Reclaiming the future of food and farming
Linda Wells's picture

Celebrating women in agriculture

This week I had the immense pleasure of attending the 4th National Conference for Women in Sustainable Agriculture in Des Moines, Iowa. The conference was hosted by the Women, Food, and Agriculture Network (WFAN), one of PAN's partners in our Midwest Drift Catching work.

With approximately 400 participants, the conference brings together women farmers, advocates and landowners from across the country to share resources and dialogue about solutions for transitioning to a more sustainable food system. It was an incredible event — three days of women sharing their deepest hopes and smartest strategies about how to improve agriculture.

Linda Wells
Paul Towers's picture

Monsanto money buys WA election

This is NOT what democracy looks like. In a replay of California’s narrowly defeated labeling initiative last fall, a handful of corporations effectively bought Washington state’s election to label genetically engineered (GE) foods.

In the face of impressive grassroots support and fundraising, pesticide and Big Food corporations spent $22 million to defeat I-522 — more than any campaign in the state’s history and the equivalent of $30 per voter. As the largest single contributor, Monsanto led the charge. Yet despite being heavily outspent, the initiative was defeated by a small margin.

Paul Towers
Pesticide Action Network's picture

The scary fight for GE labeling

This Halloween, voters in Washington state are finding their airwaves and mailboxes filled with more tricks than treats.

In the final days before next Tuesday's vote, pesticide corporations and Big Food companies are spreading scary misinformation in their bid to block GE labeling in the state. As California’s Proposition 37 did last year, Washington’s I-522 threatens to expose the GE industry’s dirty little secret: that GE crops drive up pesticide use. So as next week's vote approaches, it’s no surprise that industry is hiding behind a mask.

Pesticide Actio...
Judy Hatcher's picture

It's high time to 'rethink pink'

Another October is passing, in a rosy fog of marketing and special events meant to raise awareness about breast cancer. Everyone from the National Football League to fast-food franchises is cheerfully urging us to walk, run and shop to find a cure for a disease that now affects one in eight women in the U.S.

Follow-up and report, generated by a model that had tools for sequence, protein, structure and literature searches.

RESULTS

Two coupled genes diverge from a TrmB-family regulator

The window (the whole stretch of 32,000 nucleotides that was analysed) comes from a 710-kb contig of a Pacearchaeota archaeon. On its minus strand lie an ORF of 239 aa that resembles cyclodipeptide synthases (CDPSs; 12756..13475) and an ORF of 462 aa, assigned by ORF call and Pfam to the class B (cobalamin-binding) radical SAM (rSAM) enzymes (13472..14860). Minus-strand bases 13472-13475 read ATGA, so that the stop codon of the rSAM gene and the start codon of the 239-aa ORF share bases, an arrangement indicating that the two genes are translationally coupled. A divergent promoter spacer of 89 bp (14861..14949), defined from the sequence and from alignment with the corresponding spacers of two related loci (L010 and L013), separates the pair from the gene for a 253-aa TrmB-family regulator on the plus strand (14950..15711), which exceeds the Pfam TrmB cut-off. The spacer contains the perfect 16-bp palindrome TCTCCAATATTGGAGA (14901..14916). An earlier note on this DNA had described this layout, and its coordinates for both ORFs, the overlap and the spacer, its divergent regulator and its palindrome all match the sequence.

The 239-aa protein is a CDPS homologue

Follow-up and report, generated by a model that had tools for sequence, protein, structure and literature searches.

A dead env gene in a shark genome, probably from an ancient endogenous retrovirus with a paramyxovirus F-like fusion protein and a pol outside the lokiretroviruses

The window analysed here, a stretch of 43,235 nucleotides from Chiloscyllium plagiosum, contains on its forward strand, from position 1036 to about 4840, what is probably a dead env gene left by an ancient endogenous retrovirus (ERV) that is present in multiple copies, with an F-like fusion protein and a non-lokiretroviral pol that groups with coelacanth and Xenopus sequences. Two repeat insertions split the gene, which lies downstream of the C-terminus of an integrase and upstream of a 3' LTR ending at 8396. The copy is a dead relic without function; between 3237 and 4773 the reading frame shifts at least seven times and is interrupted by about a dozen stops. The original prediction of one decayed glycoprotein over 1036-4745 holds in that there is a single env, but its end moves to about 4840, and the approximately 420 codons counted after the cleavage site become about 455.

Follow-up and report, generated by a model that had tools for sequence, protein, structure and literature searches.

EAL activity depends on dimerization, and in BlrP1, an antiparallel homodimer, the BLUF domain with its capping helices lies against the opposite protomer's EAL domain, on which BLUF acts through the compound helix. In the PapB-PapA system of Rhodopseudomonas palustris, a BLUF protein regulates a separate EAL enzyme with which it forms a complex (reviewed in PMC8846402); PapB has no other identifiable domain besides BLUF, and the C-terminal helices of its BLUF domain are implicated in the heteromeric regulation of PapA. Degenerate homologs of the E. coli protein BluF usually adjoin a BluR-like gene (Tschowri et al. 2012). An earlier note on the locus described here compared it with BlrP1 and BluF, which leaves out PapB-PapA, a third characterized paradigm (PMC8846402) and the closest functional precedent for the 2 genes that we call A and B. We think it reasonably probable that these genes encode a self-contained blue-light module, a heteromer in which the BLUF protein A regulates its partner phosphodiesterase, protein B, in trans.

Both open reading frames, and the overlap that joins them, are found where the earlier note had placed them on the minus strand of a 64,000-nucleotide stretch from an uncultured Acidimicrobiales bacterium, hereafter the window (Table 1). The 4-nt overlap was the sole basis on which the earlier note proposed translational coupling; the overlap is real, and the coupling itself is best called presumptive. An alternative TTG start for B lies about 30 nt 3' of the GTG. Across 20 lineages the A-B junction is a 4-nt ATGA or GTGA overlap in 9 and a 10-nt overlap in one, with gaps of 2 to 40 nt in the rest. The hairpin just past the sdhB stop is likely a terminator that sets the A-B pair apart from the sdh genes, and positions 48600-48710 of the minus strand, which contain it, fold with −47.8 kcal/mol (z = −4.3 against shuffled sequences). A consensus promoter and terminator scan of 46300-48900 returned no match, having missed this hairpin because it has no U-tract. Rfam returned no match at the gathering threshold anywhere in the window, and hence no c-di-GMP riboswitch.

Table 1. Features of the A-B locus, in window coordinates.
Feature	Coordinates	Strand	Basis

The attention is certainly warranted. But a growing chorus of commentators is now urging us to "rethink pink." What should we do instead? I’d say let’s put more energy into doing what we can to reduce our exposure to carcinogenic chemicals. Seems like pure common sense.

Judy Hatcher
Paul Towers's picture

Will California save the bees?


Last week I sat through a long hearing in the California legislature, all about bee declines. By the end, I was both excited and frustrated. As I noted in my closing comments at the hearing, California can and must take action to address the dramatic declines.

This is an important opportunity for the state to be a driver of good public policy nationally. And addressing the issue here in California will be good for our business — the benefits of bees to our agricultural economy are tremendous. While it was encouraging to see legislators taking the issue up at the hearing, it was frustrating to see the room filled with pesticide corporations and their allies trying to confuse the discussion and delay action.

Paul Towers
Margaret Reeves's picture

Mexico puts hold on GE corn

Mexico is known across the globe as the “birthplace of corn.” It’s home to thousands of types of traditional maize, as well as teoesinte, the grass ancestor of any and all corn varieties. Corn is also a cornerstone of food traditions in Mexico, from tortillas to tamales to pozole.

That’s why last week’s announcement from a federal judge that all field trials of genetically engineered (GE) corn are suspended in Mexico is very, very big news.

Margaret Reeves
Pesticide Action Network's picture

Honoring real solutions for World Food Day

In Iowa today, the World Food Prize was presented to top executives from Monsanto and Syngenta for their work in developing genetically engineered (GE) crops.

PAN and our partners were there, delivering nearly 350,000 signatures to the prize organizers protesting the absurdity of this year's award, and highlighting the failed promises of GE technologies. Recipients of the alternative "Food Sovereignty Prize" were also in Iowa today, raising awareness about real, ecological solutions for how we can truly feed the world.

Pesticide Actio...
Pesticide Action Network's picture

Victory for Kaua'i communities!

In the wee hours of Thursday morning, after a 19 hour hearing, the Kaua'i County Council passed landmark legislation requiring that pesticide use on the island be publicly disclosed.

The local victory came despite powerful pressure from some of the world’s largest pesticide corporations, many of which use land on Kaua'i to develop and field test their genetically engineered (GE) seeds and pesticide products.

Pesticide Actio...
Emily Marquez's picture

Live from POPRC!

Right now, I'm sitting in a room at the Food and Agriculture Organization (FAO) of the United Nations, located in Rome, Italy. Though I get to walk by the Coliseum every morning on the way to the FAO building, I don't leave the building until well after the sun has set.

I'm representing PAN at the Stockholm Convention's Persistent Organic Pollutants Review Committee (POPRC), and learning a great deal about the scientific review of new POPs that's part of the global chemicals treaty process.

Emily Marquez